The long and rich history of Featherstone Rovers Rugby League Football Club

Saturday, 7 October 2017

Joe Morgan

Joe Morgan

In their very first season in the NU Rovers signed a local scrum-half called Joe Morgan. He made his debut on 7th December 1921 at Dewsbury and held his place in the team for the rest of the season. Rovers had begun the campaign with star signing Joe Kirkham at scrum-half, but he was moved out to the wing to accommodate this impressive newcomer. The following year, Kirkham was back at scum-half, but the versatile young Morgan slotted in at centre. In his third season Joe’s career was interrupted by an accident at the pit, and he faced a long layoff with a back injury. When he came back into the team, he alternated between stand-off and loose forward, and by the time of our famous Championship final in 1928, Joe Morgan had found his best position and was firmly established as Featherstone’s loose forward. This was the position he would hold with distinction until he retired in 1932. He played a grand total of 247 games (and scored 19 tries) for Featherstone over twelve seasons. Unfortunately, the club records appear to show that he was never awarded the testimonial he obviously deserved. Joe’s total of 134 matches as loose forward was the 4th highest in the club’s history, with only Cliff Lambert, Bill Sherwood and Keith Bell playing more games for Rovers at number thirteen.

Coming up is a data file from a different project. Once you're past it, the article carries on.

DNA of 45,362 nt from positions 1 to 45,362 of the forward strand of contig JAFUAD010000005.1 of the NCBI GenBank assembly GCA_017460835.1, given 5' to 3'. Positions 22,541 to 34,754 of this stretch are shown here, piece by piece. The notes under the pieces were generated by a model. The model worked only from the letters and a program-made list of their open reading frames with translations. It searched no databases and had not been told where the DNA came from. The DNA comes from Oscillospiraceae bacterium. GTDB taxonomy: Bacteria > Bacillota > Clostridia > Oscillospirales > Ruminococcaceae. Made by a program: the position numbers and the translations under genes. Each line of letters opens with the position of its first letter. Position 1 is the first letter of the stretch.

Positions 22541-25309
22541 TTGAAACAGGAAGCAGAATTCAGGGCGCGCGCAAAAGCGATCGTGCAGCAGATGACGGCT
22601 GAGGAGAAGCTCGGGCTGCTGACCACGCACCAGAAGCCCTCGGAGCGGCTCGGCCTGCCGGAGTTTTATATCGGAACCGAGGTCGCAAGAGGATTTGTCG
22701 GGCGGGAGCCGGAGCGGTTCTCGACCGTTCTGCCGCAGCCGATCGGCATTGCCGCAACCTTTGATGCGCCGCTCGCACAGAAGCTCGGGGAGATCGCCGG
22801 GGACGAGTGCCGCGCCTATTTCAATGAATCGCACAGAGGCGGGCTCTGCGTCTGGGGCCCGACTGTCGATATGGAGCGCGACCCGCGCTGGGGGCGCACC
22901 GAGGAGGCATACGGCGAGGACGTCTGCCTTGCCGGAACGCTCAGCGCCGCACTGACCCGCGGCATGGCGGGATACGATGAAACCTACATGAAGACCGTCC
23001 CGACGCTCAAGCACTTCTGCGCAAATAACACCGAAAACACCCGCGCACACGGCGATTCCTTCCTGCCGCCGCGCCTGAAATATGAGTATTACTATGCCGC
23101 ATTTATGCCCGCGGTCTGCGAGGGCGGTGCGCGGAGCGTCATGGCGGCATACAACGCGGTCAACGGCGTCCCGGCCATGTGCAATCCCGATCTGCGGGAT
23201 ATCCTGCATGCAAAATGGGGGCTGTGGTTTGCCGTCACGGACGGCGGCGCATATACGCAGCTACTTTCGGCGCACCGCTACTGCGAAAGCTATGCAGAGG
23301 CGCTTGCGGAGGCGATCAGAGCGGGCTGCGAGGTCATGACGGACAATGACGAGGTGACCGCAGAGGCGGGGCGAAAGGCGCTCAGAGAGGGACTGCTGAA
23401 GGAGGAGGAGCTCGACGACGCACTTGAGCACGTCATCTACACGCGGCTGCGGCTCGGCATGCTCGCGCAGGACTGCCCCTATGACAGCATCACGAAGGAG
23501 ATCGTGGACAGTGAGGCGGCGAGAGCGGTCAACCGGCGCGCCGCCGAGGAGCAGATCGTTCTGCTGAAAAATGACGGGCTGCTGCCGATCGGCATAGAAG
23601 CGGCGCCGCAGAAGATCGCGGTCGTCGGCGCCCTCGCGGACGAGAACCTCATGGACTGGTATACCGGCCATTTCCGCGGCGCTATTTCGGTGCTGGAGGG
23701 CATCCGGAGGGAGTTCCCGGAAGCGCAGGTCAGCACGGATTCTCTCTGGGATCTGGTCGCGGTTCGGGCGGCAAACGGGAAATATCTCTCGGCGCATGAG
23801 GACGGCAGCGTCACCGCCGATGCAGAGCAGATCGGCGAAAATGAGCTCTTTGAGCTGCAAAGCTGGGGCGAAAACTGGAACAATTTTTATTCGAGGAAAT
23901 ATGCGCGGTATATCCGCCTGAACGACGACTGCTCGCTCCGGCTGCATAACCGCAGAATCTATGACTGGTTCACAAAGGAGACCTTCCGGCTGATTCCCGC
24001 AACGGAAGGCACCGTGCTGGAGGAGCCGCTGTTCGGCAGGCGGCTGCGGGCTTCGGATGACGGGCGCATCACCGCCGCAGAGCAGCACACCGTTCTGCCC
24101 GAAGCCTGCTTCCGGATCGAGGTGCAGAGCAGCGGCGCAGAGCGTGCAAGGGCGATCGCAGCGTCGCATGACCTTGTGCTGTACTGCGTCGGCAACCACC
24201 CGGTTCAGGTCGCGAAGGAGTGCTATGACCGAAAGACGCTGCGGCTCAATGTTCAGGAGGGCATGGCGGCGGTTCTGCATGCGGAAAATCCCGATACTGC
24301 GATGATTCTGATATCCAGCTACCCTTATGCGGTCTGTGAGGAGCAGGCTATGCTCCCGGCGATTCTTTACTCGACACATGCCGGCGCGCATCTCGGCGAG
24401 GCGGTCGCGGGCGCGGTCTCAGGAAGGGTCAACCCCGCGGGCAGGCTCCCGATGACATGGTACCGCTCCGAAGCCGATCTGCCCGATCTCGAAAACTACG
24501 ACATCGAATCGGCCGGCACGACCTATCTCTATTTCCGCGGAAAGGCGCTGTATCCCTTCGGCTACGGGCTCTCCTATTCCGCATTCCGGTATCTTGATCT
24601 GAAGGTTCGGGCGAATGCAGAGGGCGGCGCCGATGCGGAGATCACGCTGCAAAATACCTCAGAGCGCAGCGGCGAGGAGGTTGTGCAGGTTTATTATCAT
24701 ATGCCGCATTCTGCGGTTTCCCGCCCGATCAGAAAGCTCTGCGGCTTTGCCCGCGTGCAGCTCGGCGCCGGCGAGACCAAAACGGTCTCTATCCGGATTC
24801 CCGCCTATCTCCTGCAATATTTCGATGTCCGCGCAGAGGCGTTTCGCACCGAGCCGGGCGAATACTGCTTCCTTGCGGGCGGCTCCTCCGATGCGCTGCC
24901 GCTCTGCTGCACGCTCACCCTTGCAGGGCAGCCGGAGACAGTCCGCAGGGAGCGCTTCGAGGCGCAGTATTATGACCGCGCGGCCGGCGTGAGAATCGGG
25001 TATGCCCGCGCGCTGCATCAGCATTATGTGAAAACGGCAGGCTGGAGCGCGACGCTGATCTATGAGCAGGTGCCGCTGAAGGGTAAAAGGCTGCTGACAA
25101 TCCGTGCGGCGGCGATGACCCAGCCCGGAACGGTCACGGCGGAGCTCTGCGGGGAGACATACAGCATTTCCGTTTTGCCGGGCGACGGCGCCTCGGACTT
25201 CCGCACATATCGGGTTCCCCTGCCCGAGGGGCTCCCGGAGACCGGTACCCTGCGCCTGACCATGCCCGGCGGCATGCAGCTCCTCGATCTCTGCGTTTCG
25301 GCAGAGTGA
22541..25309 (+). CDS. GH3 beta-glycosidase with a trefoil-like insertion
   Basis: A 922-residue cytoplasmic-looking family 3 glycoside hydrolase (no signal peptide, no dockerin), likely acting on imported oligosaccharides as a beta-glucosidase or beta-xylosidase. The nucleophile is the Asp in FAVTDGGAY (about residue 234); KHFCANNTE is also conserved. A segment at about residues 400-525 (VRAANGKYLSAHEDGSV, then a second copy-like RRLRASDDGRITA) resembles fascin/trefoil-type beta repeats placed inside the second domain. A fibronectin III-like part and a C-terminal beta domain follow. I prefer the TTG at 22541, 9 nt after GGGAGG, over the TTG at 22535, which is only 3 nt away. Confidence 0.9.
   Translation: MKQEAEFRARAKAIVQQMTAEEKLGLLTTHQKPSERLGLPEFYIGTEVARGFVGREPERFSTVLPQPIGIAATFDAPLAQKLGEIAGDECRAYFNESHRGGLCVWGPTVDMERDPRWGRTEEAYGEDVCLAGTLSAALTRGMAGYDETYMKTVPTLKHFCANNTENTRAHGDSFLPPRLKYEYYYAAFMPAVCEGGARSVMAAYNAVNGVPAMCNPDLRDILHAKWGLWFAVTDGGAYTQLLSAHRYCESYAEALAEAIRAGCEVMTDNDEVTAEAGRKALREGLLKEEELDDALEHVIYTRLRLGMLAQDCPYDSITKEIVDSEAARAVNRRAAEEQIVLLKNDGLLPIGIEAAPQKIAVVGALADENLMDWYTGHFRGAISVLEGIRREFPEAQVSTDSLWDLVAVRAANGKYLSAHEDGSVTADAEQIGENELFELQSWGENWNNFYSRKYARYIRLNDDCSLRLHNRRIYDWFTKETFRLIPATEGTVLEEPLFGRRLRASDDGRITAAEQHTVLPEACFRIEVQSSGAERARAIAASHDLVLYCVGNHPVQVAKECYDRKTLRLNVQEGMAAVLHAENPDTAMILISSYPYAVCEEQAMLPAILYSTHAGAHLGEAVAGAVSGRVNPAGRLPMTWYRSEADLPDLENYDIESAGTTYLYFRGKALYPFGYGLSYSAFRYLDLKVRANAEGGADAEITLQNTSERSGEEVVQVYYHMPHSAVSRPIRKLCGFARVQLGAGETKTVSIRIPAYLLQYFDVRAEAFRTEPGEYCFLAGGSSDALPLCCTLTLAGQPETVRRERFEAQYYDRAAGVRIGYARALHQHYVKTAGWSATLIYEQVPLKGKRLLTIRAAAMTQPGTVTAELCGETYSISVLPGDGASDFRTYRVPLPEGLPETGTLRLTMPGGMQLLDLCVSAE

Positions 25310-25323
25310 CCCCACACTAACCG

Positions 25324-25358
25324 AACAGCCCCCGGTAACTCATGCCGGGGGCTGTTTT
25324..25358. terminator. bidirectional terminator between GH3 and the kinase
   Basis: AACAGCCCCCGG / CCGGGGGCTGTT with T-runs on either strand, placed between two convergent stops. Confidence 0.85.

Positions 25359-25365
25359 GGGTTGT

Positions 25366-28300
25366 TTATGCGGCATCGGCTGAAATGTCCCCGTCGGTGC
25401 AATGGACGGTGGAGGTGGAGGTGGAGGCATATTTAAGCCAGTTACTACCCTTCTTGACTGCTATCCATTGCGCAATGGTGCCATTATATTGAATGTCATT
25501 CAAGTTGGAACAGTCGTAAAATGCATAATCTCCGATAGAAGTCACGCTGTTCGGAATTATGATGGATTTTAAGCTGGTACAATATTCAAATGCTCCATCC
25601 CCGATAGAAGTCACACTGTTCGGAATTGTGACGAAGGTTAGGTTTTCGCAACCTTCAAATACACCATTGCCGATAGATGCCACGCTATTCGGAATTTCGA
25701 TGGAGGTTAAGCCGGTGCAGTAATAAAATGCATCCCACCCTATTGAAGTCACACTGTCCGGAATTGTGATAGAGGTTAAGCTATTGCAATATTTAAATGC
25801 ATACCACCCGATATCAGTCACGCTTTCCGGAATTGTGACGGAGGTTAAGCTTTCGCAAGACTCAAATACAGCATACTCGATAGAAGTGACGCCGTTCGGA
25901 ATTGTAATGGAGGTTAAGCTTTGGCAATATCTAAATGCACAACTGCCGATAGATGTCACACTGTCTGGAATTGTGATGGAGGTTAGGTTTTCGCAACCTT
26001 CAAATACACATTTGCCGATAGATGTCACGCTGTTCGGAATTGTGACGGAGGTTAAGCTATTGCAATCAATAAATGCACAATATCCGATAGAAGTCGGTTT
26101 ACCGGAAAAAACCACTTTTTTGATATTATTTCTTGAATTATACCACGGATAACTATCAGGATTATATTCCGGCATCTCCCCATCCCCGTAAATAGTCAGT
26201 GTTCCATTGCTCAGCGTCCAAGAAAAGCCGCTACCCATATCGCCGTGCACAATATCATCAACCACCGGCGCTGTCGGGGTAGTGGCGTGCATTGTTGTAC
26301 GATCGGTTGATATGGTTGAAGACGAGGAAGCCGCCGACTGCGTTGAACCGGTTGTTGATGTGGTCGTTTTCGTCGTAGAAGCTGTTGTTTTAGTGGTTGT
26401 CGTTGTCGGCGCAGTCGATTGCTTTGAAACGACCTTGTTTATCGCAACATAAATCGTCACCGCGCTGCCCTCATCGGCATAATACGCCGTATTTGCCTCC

From 1928, Joe’s younger brother Tom Morgan made occasional first team appearances over three seasons (15 games in all), mostly deputising for his brother at loose forward. Then, their youngest brother Luke Morgan also began his Featherstone career, making a name for himself as a tough scrummager in an uncompromising front row. Before long, all three brothers played together in the same Rovers line-up, the only family ever to achieve this feat at Featherstone. After Joe had retired, Luke continued as a mainstay of the first team until injury forced his retirement in 1935 after 167 games in the Rovers engine room. This brought an end to a fourteen year contribution from the three brothers, which yielded 429 appearances between them.

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